Three of the Biggest Banks on Wall Street Have $7.4 Trillion In Off-Balance Sheet Exposures

By Pam Martens and Russ Martens: April 14, 2020 ~

New York Stock Exchange Trading Floor

New York Stock Exchange Trading Floor

In the past few weeks everyone from Fed Chair Jerome Powell to U.S. Treasury Secretary Steve Mnuchin to former Fed Chair Janet Yellen to bank analyst Mike Mayo have appeared on TV to tell the American people that the big banks on Wall Street are well capitalized. To put it in Janet Yellen’s exact words on CNBC last Thursday, “we have a strong, well capitalized banking system.”

These folks have to keep repeating this mantra to the public because the public is increasingly getting curious as to why the New York Fed has had to pump a cumulative $9 trillion in cash to these Wall Street banks, since September 17 of last year, if they are so well capitalized. Can big banks actually be well capitalized and have no liquid money to make loans – the key function of a bank? As we have regularly noted, the Fed’s trillions of dollars in cash infusions to the banks began months before there was any coronavirus COVID-19 outbreak anywhere in the world.

The reality is that the U.S. banking system only looks well capitalized if federal regulators, banking analysts, and the mainstream business press put blinders on and don’t look at what’s hiding in off-balance sheet items at the banking behemoths on Wall Street — the same fatal mistake they all made in the years leading up to the 2008 collapse.

Why are off-balance sheet items such a huge red flag on Wall Street? We’ll let the researchers who wrote the autopsy on the 2008 financial collapse for the Financial Crisis Inquiry Commission explain. They wrote:

“For example, as of 2007, the five major investment banks — Bear Stearns, Goldman Sachs, Lehman Brothers, Merrill Lynch, and Morgan Stanley — were operating with extraordinarily thin capital. By one measure, their leverage ratios were as high as 40 to 1, meaning for every $40 in assets, there was only $1 in capital to cover losses. Less than a 3% drop in asset values could wipe out a firm. To make matters worse, much of their borrowing was short-term, in the overnight market—meaning the borrowing had to be renewed each and every day…And the leverage was often hidden—in derivatives positions, in off-balance-sheet entities, and through ‘window dressing’ of financial reports available to the investing public.”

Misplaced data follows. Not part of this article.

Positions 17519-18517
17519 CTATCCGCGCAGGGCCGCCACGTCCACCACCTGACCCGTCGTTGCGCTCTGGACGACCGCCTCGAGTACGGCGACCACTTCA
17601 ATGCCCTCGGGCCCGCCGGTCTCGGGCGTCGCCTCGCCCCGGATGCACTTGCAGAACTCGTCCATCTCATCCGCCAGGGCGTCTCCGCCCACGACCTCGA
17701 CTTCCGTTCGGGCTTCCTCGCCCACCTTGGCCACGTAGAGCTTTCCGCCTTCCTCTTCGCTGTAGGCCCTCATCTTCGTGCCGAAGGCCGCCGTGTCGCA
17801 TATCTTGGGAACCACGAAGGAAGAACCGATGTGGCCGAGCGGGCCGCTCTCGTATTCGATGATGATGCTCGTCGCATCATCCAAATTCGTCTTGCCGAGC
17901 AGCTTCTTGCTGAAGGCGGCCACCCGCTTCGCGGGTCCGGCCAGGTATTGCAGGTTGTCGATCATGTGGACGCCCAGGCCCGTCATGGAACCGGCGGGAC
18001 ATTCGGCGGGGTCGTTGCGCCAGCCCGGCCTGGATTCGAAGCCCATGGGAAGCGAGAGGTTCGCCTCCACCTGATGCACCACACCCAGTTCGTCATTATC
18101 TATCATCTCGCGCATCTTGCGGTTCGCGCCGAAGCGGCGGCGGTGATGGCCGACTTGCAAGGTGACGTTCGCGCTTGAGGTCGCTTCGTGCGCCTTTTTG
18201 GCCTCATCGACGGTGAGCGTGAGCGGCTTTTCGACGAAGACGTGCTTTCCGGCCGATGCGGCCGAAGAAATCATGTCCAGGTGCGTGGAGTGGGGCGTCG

That last sentence perfectly describes what is going on today – except that it’s worse today than it was in 2008.

On July 14, 2008, Bloomberg News reported that in addition to holding $2.2 trillion in assets on its balance sheet, Citigroup had $1.1 trillion of “mysterious” assets off its balance sheet, including “trusts to sell mortgage-backed securities, financing vehicles to issue short-term debt and collateralized debt obligations, or CDOs, to repackage bonds.” Four months later, Citigroup’s off-balance sheet exposures had blown up the bank and it was on its second round of bailouts. By 2010, Citigroup had received the largest government bailout in global banking history.

Now you need to sit down and put down any cup of hot liquid you might be holding. As of December 31, 2019, Citigroup’s federally-insured bank, Citibank N.A., had $1.45 trillion on its balance sheet with $150 billion in equity capital and $3 trillion in off-balance sheet items, with a “mysterious” two entries marked simply as “other” that total $389 billion. (What kind of accounting rules allow $389 billion to be described as “other.” See tables below.)